CONTINUEThis site uses cookies. By continuing to browse this site you are agreeing to our use of cookies. Find out more.

By subscribing to our newsletter service, you agree to our Terms and Conditions and Privacy Policy.

UK Contractor Appeals Retrospective Tax Change

Wednesday, November 10, 2010

Three Court of Appeal judges are due to decide whether the UK government breached the rights of a self-employed IT contractor when it closed an offshore tax scheme and imposed a huge retrospective tax penalty.

The contractor, Robert Huitson, argues that the government had several opportunities to close down the avoidance scheme, which utilized trusts based in the Isle of Man, in the years before it changed the law in the 2008 Finance Bill allowing HM Revenue and Customs to impose notices for back taxes, fines and penalties stretching back to 2001.

Huitson, who began using the scheme in 2001, was landed with a GBP100,000 tax charge and many other contractors were also hit with tax bills that they could not pay without selling assets such as the family home. According to Huitson's legal representatives, the retrospective nature of the legislative change brought about unwarranted financial and mental distress for those concerned, and violated article 1 of the European Convention of Human Rights (ECHR) by denying them the right of 'free enjoyment' of their private property.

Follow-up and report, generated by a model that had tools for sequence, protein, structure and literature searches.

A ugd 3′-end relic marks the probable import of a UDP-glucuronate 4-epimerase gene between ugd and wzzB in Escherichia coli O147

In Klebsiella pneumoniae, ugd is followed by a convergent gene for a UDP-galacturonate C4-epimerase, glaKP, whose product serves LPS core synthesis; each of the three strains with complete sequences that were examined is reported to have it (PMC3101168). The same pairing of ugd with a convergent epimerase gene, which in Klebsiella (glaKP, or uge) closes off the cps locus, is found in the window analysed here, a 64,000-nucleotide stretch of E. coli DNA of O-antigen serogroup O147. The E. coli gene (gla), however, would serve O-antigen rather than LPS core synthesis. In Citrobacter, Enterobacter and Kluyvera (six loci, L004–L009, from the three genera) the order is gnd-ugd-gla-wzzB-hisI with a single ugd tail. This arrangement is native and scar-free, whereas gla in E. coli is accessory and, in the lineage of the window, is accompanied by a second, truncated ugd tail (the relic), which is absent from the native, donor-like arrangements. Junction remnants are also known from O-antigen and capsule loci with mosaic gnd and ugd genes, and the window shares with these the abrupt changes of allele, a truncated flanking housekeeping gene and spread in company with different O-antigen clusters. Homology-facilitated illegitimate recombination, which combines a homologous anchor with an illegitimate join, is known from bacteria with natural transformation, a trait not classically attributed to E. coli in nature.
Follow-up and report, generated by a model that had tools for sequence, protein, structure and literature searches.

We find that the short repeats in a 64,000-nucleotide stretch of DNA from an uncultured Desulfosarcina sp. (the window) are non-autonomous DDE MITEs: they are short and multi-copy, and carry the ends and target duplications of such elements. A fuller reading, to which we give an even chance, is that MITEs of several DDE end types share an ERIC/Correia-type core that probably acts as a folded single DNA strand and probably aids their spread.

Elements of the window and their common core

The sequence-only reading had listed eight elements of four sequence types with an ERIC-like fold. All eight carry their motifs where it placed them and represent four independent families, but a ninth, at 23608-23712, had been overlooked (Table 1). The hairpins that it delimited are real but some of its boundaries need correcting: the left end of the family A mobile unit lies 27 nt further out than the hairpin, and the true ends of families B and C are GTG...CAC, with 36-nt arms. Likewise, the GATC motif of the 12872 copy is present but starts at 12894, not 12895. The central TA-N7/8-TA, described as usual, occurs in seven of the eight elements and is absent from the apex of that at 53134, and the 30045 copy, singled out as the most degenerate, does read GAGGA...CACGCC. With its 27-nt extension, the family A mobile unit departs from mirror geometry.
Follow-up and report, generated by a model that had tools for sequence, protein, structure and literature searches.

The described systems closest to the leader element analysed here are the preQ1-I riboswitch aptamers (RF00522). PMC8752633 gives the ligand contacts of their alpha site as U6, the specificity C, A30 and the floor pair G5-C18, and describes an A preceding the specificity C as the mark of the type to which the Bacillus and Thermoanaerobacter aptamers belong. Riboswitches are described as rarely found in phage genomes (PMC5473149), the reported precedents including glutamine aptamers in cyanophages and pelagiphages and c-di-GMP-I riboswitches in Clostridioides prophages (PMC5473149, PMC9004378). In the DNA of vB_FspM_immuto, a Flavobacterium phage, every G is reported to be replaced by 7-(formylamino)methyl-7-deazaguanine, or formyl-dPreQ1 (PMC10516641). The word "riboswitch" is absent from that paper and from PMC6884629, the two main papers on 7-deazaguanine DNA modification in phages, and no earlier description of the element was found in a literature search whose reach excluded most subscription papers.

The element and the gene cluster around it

HMRC argues that users of the scheme were warned well in advance of the 2008 Finance Bill becoming law, and that the measure was both proportionate and compatible with the ECHR.

Earlier in the year, Mr Justice Parker ruled in the High Court that HMRC was within its rights to pursue individuals who had used "wholly artificial arrangements."

However, the Professional Contractors Group (PCG), which lobbies on behalf of independent contractors in the UK, has said that Huitson and others had arranged their affairs perfectly legally up until the point when the law was changed, and a ruling in favour of the government could open the door to further retrospective tax claims by HMRC.

"Whilst PCG in no way encourages offshore tax arrangements we object in the strongest terms to taxpayers being retrospectively penalized for arranging their tax affairs in a way which was entirely legal and proper at the time they undertook to do so," PCG Chairman Chris Bryce commented at the time of the High Court ruling.

Lord Justice Mummery, Lord Justice Morgan and Sir Paul Kennedy are not expected to announce their decision until December or January.